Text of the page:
And frankly, given the proto-fascist way that National are operating with regards to data, I don’t trust them.

                    Neither do I but that doesn’t mean that we don’t actually need that data.

                    If Māori want a review of the Māori seats they will say, and then they can determine what eligibility to vote on that is.

                    This comes back to that why. The seats don’t exist because of Ti Tiriti but because of the electoral rules at the time.

              • Carolyn_nth

                Actually, the person who showed me their card, didn’t know what her Iwi was – she lives in New Lynn, and has never had much connection with Maori communities – and is retired.

            • greywarshark 8.2.1.1.1.2

              Winston is playing the trickster with his Maoriness as he does with other things. Divide and conquer is the effect. But what he will be winning is a moot point. But it catches people’s attention and directs it to him for now, so that’s what matters. And seems to make some point about strength and integrity. It comes under the heading of ‘sneering at the nanny state’ having your hand held like a child, ‘you’re grown-up now’ etc.

              If Maori fall for the line they would be throwing away all the wisdom and fighting power they have brought into their fight to maintain their mana and resources against the ravening hordes from the other side of the world. We have made agreements and got a just-getting-by association of peoples going which works but limits Maori to a particular status that is recognised in formal and informal ways. They have the right to have four members in Parliament recognising them, they can’t be ignored. They also have a choice to vote on the general roll if they want.

              Maori can’t be left out of Parliament, can’t be pushed aside completely and merely be relying on patronage from condescending people (I remember Jenny Shipley voicing ‘our Maoris’). It is a historic right Maori have gained that should never be given up, always be there to be invoked and used when other avenues are not proving satisfactory. Take it away and Maori become just another cultural entity in a NZ where hospitals, who see all the broad population eventually, may have the need of 50 language translators available for needed communication.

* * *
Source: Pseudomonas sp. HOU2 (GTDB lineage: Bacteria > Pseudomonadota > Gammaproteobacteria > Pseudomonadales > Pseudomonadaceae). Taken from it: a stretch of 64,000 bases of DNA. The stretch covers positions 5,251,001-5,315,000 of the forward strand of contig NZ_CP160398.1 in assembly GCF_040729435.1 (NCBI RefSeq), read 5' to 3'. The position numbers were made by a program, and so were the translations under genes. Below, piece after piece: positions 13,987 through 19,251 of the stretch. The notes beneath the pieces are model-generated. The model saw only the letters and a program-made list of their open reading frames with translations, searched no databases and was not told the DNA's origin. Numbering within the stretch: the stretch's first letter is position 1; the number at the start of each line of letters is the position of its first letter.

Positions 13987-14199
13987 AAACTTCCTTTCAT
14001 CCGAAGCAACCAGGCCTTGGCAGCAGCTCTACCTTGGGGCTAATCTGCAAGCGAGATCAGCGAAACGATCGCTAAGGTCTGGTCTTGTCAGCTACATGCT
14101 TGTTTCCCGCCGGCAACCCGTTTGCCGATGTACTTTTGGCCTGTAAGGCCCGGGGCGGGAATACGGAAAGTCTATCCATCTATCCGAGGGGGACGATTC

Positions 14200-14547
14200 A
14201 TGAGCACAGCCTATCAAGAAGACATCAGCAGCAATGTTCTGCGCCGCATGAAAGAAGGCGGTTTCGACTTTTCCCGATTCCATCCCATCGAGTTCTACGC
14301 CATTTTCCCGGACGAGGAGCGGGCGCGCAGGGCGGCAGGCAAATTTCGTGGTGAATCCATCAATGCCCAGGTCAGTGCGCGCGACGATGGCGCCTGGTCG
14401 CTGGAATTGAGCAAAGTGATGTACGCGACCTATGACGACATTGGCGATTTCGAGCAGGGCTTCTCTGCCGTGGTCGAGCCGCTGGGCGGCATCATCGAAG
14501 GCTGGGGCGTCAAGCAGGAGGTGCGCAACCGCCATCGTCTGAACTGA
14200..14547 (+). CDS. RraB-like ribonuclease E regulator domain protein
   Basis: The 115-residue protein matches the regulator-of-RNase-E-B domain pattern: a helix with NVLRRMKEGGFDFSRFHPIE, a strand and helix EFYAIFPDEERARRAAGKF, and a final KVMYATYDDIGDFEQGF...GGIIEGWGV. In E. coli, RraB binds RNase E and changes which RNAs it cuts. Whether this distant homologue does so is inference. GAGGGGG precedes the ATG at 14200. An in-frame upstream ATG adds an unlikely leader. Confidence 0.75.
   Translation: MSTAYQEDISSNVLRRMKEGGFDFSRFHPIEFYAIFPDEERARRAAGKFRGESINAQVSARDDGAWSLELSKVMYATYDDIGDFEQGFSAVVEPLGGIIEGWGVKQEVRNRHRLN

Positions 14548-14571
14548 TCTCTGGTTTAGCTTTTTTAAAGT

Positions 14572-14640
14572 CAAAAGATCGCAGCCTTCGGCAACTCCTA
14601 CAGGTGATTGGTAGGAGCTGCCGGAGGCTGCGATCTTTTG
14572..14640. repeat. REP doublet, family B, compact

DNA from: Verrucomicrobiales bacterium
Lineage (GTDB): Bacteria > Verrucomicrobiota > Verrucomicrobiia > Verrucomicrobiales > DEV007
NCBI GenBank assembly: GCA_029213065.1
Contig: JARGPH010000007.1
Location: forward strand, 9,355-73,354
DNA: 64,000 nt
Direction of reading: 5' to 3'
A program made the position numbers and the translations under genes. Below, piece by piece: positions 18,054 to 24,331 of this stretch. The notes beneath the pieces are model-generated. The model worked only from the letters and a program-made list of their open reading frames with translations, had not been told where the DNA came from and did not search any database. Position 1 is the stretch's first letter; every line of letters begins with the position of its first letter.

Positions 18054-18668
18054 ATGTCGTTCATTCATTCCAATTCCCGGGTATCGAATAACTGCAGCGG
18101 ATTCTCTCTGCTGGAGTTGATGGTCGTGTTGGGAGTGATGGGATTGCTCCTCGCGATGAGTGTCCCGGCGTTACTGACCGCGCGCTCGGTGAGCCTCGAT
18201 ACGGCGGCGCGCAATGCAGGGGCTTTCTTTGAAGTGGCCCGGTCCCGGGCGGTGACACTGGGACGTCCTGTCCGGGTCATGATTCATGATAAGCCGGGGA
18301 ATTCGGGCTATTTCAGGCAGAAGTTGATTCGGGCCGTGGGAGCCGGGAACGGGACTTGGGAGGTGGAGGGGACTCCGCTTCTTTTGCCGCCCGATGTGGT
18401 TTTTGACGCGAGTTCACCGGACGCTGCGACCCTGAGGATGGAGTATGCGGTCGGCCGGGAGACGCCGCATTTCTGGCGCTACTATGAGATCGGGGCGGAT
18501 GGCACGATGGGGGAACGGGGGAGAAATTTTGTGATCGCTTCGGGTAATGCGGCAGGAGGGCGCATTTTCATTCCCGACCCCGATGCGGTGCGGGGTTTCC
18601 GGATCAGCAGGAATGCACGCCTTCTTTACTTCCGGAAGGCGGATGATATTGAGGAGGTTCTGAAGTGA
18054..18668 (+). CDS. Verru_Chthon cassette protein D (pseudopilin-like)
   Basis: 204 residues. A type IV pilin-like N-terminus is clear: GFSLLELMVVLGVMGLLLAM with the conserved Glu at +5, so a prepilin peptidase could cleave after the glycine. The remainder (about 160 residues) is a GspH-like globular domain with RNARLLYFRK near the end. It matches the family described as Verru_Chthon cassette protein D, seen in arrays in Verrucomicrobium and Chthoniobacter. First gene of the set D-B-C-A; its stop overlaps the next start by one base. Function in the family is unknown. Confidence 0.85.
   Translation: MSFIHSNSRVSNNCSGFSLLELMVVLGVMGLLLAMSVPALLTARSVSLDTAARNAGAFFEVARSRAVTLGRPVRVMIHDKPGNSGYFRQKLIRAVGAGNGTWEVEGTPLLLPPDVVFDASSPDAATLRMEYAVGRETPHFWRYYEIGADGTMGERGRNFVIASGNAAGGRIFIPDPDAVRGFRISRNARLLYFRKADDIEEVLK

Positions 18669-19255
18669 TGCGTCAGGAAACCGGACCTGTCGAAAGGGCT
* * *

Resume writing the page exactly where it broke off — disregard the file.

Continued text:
Our neo lib economy and free market is supposed to be about choice, so Maori would be unwise not to invoke their right to have a quota as a base line in Parliament.

          • Draco T Bastard 8.2.1.1.2

            This suggests that it’s not a priority for Māori and any referendum would be an imposition.

            Possibly but it’s a point of compromise that would allow a Labour/NZ1st/Green government and it could be turned into a significant positive if done well.

            That’s dictatorial not representative.

            Yes but, as I’ve mentioned before, we have elected dictatorship rather than a democracy. It’s how the system was designed and it needs changing as well.

            NZFirst Environmental Policies.

            There are many there that I disagree with (water really does belong to the state) but a working compromise could be reached.

            • weka 8.2.1.1.2.1

              The Greens are committed to Māori though, I can’t see how they would think it was their place to do a deal that undermined that. That the system favours dictatorial behaviour doesn’t mean the Greens have to behave like that.

              • The Greens are committed to Māori though, I can’t see how they would think it was their place to do a deal that undermined that.

                It could be used to improve Māoridom. As I said, it’s not all negative.

                That the system favours dictatorial behaviour doesn’t mean the Greens have to behave like that.

                We have a dictatorial system. It’s going act dictatorially no matter what the Greens want. The best option then is to get the best result from that dictatorial action.

  9. Ad 9

    The Green Party certainly have some work to do at 1% above obliteration.

    Currently 94% of New Zealand voters avoid supporting the Green Party.